The Pacific Northwest has been no stranger to summer blazes, and projections show it will only be more susceptible with time. So researchers at Oregon State University are putting technology to use, ensuring local history won’t fade into obscurity.

Iceland, a Hotbed of Lava Becoming a Hotbed of Mapping

The Icelandic Institute of Natural History operates a photogrammetry lab, and boy do they got much bigger (and hotter) fish to fry than old viking camps.
Rapid aerial photogrammetry with high-precision gnss geo-referencing
Iceland, one of Earth’s premier reminders of nature’s beauty…and ferocity. Image credit PhaseOne.
The catch with volcanic eruptions is their ripple effect. From colossal plumes to savage weather, extreme conditions practically become a given. But precise GNSS geo-referencing is empowering experts to monitor volcanic and seismic activity like never before. Click below for the Scandinavian scoop on digital elevation models, orthoimages, 3D mesh, and preventing fatalities.

When and Why to Use Digital Twins

McKinsey & Company is to the planet’s leading businesses, governments, and institutions what The Oracle is to folks in The Matrix.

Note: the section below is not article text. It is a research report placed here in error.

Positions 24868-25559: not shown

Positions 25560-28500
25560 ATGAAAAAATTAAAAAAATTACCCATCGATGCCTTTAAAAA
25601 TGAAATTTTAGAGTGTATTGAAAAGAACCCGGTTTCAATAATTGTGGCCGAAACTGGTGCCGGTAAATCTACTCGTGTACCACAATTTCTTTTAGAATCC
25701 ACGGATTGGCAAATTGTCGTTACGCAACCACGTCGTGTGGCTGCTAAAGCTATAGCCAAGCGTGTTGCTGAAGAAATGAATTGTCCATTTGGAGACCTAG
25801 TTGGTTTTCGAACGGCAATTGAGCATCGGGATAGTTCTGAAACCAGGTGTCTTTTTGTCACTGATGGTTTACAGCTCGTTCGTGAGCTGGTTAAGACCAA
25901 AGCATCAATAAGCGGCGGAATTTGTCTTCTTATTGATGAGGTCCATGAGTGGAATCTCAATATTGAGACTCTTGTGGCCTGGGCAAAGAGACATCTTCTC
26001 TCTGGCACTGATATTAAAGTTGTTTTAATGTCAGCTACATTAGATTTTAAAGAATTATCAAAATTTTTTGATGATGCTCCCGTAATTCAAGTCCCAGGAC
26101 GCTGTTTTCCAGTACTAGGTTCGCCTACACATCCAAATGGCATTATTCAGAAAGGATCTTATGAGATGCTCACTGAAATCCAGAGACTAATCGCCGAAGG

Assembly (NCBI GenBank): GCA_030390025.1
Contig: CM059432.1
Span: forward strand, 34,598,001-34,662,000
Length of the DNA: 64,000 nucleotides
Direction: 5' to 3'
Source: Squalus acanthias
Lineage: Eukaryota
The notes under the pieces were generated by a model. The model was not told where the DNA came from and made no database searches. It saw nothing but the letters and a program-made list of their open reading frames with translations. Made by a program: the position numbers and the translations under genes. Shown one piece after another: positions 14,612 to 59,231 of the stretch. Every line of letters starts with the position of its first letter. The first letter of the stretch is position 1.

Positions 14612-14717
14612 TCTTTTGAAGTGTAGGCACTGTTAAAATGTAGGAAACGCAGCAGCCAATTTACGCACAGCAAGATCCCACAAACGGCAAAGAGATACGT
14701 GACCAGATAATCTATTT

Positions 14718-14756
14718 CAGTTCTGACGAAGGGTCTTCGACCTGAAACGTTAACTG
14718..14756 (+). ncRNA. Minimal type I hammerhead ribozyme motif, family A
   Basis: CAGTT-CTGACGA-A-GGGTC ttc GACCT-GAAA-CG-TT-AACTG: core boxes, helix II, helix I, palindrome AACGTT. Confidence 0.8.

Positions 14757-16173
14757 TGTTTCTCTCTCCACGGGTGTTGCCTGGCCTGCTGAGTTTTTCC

So when they speak on digital twins, y’otta listen.
The Matrix Oracle telling Neo he was not the one
POV: McKinsey telling you you’re doing business all wrong. Image credit ScreenRant.
They’re in the midst of a three-part blog series devoted to our beloved cyber siblings. Most recently, they honed in on judicious decision-making and evaluation before a twin is even born. Enjoy the read from a powerhouse of wisdom, and catch the series’ first blog on digital twins & AI, immediately following it.

Photo5Grammetry? Verizon & Drones to Get One Up on Storms.

Verizon Frontline is the carrier’s network devoted to first responders. And now, The National Oceanic and Atmospheric Administration (NOAA) is complementing it in a three-year collaboration.
A tornado churns up dust in the sunset light near Traer Iowa
“Can you hear me now?” Definitely not in this thing! Image credit NOAA.